CASPER, Wyo. — Wyoming was one of 15 states in which oil and gas service companies injected hundreds of thousands of gallons of water containing potentially hazardous chemicals and known carcinogens into wells from 2005-2009, a report by three House Democrats said late last week.
The report said 29 of the chemicals injected were known or suspected human carcinogens. They either were regulated under the Safe Drinking Water Act as risks to human health or listed as hazardous air pollutants under the Clean Air Act.
Wyoming ranked fourth among states with at least 100,000 gallons of water pumped containing a carcinogen in the four-year period, with a total volume of 759,898 gallons, according to the report. Texas ranked first with 3.88 million gallons.
Methanol was the most widely used chemical. The substance is a hazardous air pollutant and is on the candidate list for potential regulation under the Safe Drinking Water Act.
Chemical 2-butoxyethanol, or 2-BE, was one of the most commonly used ingredients in hydraulic fracturing fluid. The report mentioned the U.S. Environmental Protection Agency found 2-BE in drinking water wells tested in Pavillion.
The report was issued by Reps. Henry Waxman of California, Edward Markey of Massachusetts and Diana DeGette of Colorado.
The chemicals are injected during hydraulic fracturing, a process used in combination with horizontal drilling to allow access to natural gas reserves previously considered uneconomical.
The growing use of hydraulic fracturing, or "fracking," has allowed natural gas production in the United States to reach levels not achieved since the early 1970s.
The process requires that large quantities of water and fluids are injected underground at high volumes and pressure. The composition of these fluids ranges from a simple mixture of water and sand to more complex mixtures with chemical additives.
The report said that from 2005-2009, the following states had at least 100,000 gallons of hydraulic fracturing fluids containing a carcinogen: Texas, Colorado, Oklahoma, Louisiana, Wyoming, North Dakota, New Mexico, Montana and Utah.
States with 100,000 gallons or more of fluids containing a regulated chemical under the Safe Drinking Water Act were: Texas, New Mexico, Colorado, Oklahoma, Mississippi and North Dakota.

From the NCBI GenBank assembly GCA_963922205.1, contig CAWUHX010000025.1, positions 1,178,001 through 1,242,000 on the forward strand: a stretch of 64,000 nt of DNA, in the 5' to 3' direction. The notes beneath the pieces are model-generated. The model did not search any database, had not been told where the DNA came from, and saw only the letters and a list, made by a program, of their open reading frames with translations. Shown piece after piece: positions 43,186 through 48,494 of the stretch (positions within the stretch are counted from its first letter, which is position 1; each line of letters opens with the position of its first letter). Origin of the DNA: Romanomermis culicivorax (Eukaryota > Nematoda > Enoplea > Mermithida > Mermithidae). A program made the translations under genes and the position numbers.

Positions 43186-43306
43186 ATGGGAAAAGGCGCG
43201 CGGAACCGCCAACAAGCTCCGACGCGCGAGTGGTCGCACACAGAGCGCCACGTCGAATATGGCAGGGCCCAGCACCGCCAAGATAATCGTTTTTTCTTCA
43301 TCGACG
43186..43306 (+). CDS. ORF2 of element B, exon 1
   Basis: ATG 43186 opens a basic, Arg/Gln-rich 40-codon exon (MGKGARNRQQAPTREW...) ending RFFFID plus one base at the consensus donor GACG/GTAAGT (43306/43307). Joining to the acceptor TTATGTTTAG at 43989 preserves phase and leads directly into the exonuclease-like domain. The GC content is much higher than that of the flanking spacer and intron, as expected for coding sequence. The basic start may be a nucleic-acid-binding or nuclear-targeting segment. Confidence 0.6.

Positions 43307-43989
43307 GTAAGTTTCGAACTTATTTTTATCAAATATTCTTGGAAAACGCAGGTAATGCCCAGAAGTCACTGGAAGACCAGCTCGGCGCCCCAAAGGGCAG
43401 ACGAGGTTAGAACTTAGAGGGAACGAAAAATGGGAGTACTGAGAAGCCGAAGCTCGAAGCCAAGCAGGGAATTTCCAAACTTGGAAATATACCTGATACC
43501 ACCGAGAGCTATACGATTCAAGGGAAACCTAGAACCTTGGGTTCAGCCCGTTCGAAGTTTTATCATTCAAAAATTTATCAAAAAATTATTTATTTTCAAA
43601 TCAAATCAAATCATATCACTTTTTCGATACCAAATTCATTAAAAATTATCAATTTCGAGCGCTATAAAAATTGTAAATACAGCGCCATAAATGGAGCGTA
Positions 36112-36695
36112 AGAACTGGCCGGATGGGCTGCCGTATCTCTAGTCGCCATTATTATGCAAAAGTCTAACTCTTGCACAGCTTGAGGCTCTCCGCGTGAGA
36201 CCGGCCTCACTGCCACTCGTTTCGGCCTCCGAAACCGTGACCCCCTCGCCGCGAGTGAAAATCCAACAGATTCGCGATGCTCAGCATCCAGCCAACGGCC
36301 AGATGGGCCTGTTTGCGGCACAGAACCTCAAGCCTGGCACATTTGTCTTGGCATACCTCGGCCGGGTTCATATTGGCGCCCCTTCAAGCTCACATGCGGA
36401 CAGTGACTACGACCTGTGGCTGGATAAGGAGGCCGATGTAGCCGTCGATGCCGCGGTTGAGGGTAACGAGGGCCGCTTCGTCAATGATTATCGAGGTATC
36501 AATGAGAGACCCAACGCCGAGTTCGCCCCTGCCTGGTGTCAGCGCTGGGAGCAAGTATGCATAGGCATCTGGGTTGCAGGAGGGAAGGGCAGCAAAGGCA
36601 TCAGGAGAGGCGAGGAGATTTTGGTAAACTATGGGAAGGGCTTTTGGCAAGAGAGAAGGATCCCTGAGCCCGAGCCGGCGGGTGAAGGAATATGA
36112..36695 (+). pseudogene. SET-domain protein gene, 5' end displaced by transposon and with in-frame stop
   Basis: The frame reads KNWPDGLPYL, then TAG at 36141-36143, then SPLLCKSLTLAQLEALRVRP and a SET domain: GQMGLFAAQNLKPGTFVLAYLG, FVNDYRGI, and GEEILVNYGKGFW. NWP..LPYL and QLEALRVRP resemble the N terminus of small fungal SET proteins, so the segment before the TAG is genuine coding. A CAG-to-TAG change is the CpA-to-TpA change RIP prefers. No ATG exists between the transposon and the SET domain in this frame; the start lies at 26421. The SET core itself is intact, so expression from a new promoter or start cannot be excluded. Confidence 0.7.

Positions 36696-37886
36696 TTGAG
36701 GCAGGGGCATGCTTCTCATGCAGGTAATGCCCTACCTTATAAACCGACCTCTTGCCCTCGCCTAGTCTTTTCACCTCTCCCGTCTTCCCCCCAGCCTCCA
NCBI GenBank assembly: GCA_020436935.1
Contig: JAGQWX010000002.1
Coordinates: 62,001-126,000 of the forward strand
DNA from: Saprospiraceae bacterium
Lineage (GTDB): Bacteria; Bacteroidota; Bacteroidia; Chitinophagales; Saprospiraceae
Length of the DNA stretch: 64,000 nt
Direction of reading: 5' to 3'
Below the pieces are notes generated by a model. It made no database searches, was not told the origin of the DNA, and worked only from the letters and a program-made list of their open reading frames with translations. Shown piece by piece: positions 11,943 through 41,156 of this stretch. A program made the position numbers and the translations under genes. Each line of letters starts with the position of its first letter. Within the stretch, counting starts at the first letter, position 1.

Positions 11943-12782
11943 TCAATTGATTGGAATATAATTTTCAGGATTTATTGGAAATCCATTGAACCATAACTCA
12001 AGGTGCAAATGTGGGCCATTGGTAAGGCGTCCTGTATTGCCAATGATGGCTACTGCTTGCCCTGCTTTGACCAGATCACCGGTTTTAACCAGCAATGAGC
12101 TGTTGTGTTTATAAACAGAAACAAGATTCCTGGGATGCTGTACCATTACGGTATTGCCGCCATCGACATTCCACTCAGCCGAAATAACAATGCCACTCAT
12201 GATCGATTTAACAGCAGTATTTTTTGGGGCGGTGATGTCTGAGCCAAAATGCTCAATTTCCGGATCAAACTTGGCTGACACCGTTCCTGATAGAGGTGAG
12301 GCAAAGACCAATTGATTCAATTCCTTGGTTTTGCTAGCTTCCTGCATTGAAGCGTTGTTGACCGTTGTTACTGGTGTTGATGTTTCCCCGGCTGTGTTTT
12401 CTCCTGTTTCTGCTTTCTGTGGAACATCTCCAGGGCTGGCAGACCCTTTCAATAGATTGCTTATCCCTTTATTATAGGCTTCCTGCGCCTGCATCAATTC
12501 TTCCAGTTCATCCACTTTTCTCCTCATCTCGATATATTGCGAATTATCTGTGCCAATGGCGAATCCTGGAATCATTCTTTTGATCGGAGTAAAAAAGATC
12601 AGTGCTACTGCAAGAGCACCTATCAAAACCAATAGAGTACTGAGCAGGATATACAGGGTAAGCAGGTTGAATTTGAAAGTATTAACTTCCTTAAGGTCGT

The report said many chemical components were listed as "proprietary" or "trade secret." In a footnote, the report noted Wyoming's "robust" and "relatively strong" disclosure rules and said no state other than Arkansas had rules as stringent.
"Hydraulic fracturing has opened access to vast domestic reserves of natural gas that could provide an important stepping stone to a clean energy future," the report said.
"Yet, questions about the safety of hydraulic fracturing persist, which are compounded by the secrecy surrounding the chemicals used in hydraulic fracturing fluids. This analysis is the most comprehensive national assessment to date of the types and volumes of chemical used in the hydraulic fracturing process."
The "miniscule" amount of chemicals injected in wells is "nothing to get overly concerned about," said John Robitaille, vice president of the Petroleum Association of Wyoming, a group representing the state's oil and gas industries.
Since those chemicals are pumped deep underground below water supplies, it's the integrity of the cement casing around the well bore that protects water as the well plunges down through it, he said.
The state of Wyoming has specific rules for how that cement is to be applied and everything is regulated and tested, Robitaille said.
"That's really the thing that's been lost in this whole discussion," he said. "It's not so much what we put down the hole or where it goes. It's more the integrity of that well bore is such that nothing should go outside that pipe."
The investigation of chemicals used in fracking was started in the last Congress by the House Energy and Commerce Committee, which then was controlled by Democrats. The committee asked the 14 leading oil and gas service companies to disclose the types and volumes of the hydraulic fracturing products they used between 2005 and 2009 and the chemical contents of those products.